Posted by: SarahCortes
compliance, data privacy, Electronic Communications Privacy Act, Foreign Intelligence Surveillance Act, FTC, Health Insurance Portability and Accountability Act, laws, privacy, regulations, regulatory compliance, Sarbanes-Oxley Act, United States Department of Health and Human Services, USA Patriot Act
The “Massachusetts Data Privacy Law? We call it ‘the toothless wonder,’” laughed one smug senior technology executive from a prominent high-tech firm at a MIT industry gathering April 30 in Cambridge, Mass.
But not everyone is laughing. In April 2008, Andrea Smith, age 25, of Trumann, Ark., was convicted of privacy violations under HIPAA, as was Fernando Ferrer Jr., of Naples, Fla., in January 2007. As of today, a total of eight cases have resulted in criminal convictions with jail time for data privacy violations under HIPAA.
The U.S. Department of Health and Human Services (HHS) has served notice (as of Feb. 18) that organizations can also expect substantial fines like the one extracted from CVS. That $2.5 million fine, coupled with others won by OCR or the FTC against Providence Health & Services, demonstrate that the risk of penalties is significantly more realistic going forward.
The probability of criminal convictions and risk of substantial penalties doesn’t, however, correlate to the likelihood of other serious compliance issues. “Stricter internal controls mandated by Sarbanes-Oxley have made it more difficult for improper payments to be concealed,” notes CorpWatch.
Consider the case of Richard Scrushy, founder of HealthSouth. Although theoretically acquitted of Sarbanes-Oxley (SOX) charges, he nevertheless sits in a Birmingham, Ala., prison. Although Scrushy was technically jailed for probation violations related to a vacation on a Miami yacht when he was supposed to be under house arrest in Birmingham, SOX materially contributed to Scrushy’s imprisonment. Some commentators have pointed to the few convictions under SOX when dismissing likelihood of consequences. But, as anyone involved with the legal system can attest, likelihood of conviction and fines barely begin to measure likelihood of serious problems. Let’s look at some other data:
- 2008 HIPAA investigations – 3,373
- 2008 HIPAA cases resulting in a requirement for corrective actions – 2,210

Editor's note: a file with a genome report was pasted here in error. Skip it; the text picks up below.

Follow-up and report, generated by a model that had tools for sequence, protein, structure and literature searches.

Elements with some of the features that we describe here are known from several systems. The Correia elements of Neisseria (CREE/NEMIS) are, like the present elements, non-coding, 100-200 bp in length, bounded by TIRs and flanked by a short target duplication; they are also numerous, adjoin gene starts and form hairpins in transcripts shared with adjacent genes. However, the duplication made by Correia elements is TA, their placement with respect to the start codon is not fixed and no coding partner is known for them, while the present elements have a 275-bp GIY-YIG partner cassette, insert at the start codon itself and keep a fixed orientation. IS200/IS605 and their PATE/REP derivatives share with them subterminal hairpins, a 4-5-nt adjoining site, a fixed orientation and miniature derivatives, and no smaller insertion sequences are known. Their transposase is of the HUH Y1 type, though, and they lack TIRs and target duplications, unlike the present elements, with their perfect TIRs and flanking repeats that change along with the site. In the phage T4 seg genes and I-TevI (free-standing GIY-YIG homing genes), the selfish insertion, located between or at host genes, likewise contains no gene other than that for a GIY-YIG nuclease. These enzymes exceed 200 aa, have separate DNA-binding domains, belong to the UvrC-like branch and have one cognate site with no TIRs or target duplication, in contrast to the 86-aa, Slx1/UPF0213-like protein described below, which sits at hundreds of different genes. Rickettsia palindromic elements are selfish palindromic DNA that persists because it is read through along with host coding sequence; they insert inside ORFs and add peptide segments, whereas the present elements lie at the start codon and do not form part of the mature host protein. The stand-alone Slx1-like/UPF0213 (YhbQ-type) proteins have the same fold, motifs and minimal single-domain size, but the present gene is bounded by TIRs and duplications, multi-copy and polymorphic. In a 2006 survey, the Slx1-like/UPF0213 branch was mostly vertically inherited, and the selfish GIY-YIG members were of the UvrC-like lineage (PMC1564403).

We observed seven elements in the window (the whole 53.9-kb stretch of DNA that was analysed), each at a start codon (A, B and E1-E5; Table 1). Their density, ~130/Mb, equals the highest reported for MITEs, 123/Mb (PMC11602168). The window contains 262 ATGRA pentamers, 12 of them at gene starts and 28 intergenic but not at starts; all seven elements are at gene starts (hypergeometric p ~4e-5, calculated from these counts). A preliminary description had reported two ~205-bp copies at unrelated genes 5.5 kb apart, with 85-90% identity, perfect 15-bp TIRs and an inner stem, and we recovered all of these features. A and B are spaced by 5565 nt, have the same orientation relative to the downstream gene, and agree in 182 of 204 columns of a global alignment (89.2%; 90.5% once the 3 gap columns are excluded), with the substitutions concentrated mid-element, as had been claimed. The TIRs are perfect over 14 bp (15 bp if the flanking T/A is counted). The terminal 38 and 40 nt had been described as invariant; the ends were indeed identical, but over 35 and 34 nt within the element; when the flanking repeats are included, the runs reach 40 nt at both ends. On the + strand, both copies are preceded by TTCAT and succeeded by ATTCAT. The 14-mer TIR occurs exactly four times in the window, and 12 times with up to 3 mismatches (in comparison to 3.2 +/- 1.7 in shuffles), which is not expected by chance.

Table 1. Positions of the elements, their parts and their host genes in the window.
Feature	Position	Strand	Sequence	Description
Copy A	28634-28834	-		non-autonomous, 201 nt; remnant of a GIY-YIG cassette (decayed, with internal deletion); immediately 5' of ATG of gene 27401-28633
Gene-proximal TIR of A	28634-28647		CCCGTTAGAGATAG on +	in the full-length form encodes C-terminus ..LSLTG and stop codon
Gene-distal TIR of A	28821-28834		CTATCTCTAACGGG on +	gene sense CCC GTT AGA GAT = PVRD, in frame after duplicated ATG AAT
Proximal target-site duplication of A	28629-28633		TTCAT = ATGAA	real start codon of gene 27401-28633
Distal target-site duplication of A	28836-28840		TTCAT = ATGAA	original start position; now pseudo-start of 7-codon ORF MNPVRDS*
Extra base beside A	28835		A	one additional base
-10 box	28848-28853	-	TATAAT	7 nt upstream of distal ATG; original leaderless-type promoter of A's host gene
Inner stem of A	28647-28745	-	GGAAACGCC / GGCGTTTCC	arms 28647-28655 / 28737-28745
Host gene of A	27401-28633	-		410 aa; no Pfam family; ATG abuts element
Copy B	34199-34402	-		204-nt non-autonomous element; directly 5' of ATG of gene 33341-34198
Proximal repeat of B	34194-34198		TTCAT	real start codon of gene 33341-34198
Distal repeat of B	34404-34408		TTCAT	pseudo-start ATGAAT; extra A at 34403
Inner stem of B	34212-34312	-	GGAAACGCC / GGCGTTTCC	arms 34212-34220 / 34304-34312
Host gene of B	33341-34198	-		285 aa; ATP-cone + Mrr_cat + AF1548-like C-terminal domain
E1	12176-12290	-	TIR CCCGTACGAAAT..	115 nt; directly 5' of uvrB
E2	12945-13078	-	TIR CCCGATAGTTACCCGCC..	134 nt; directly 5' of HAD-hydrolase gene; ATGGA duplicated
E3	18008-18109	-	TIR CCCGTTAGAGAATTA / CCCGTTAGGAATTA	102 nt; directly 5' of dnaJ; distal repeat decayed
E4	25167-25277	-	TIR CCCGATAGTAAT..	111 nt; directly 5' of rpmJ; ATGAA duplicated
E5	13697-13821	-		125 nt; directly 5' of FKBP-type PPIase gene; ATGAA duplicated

- Total HIPAA investigations 2003-2008 – over 11,000
- Total HIPAA cases resulting in a requirement for corrective actions – over 7,000
Source: U.S. Department of Health and Human Services
Simply receiving notice of an investigation requires firms and individuals to incur the costs of retaining counsel and allocating time, energy and resources to preparation. That’s a nerve-racking process with an unsure outcome. The investigation alone can be a big headache. And while only 10 cases have resulted in major fines or jail time, significantly more cases were prosecuted.
Preparing and presenting a criminal or civil defense in a legal case is, again, a costly undertaking with an unsure outcome, where even acquittal can leave an organization or an individual at a huge financial loss for attorney’s fees and energy, resources and the uncertainty that legal action causes.
How about nonconviction convictions? Plea deals can result in CWOF results, or Continued Without a Finding, and result in probation. Home-free, right? That’s what Richard Scrushy thought. The reality is that each step along the legal path increases the likelihood that subsequent or related, seemingly minor developments will result in jail time or fines. Organizations and individuals amass track records, which work against them over time.
SOX and HIPAA are only two of dozens of statutes under which privacy violations can be prosecuted. Try these for a few:
Health privacy laws
1974—The National Research Act
1996—Health Insurance Portability and Accountability Act (HIPAA)
Financial privacy laws
1970—Bank Secrecy Act
1998—Federal Trade Commission
1999—Gramm-Leach-Bliley Act (GLB)
2002—Sarbanes-Oxley Act (SOX)
2003—Fair and Accurate Credit Transactions Act
Online privacy laws
1986—Electronic Communications Privacy Act (ECPA), pen registers
1986—Stored Communications Act (SCA)
Communication privacy laws
1978—Foreign Intelligence Surveillance Act (FISA)
1984—Cable Communications Policy Act
1986—Electronic Communications Privacy Act (ECPA)
1994—Digital Telephony Act – Communications Assistance for Law Enforcement Act (CALEA), 18 USC 2510-2522
Education privacy laws
1974—Family Educational Rights and Privacy Act (FERPA)
Information privacy laws
2001—USA Patriot Act, expanded pen registers
2005—Privacy Act, sale of online PII data for marketing
Still skeptical? California alone has over 88 data privacy laws — and it actively investigates and prosecutes violations.
Twenty-three thousand HIPAA investigations over five years x 100 laws = over 2 million investigations. Your chances are looking worse and worse. And the cost of voluntary compliance is looking cheaper and cheaper by comparison.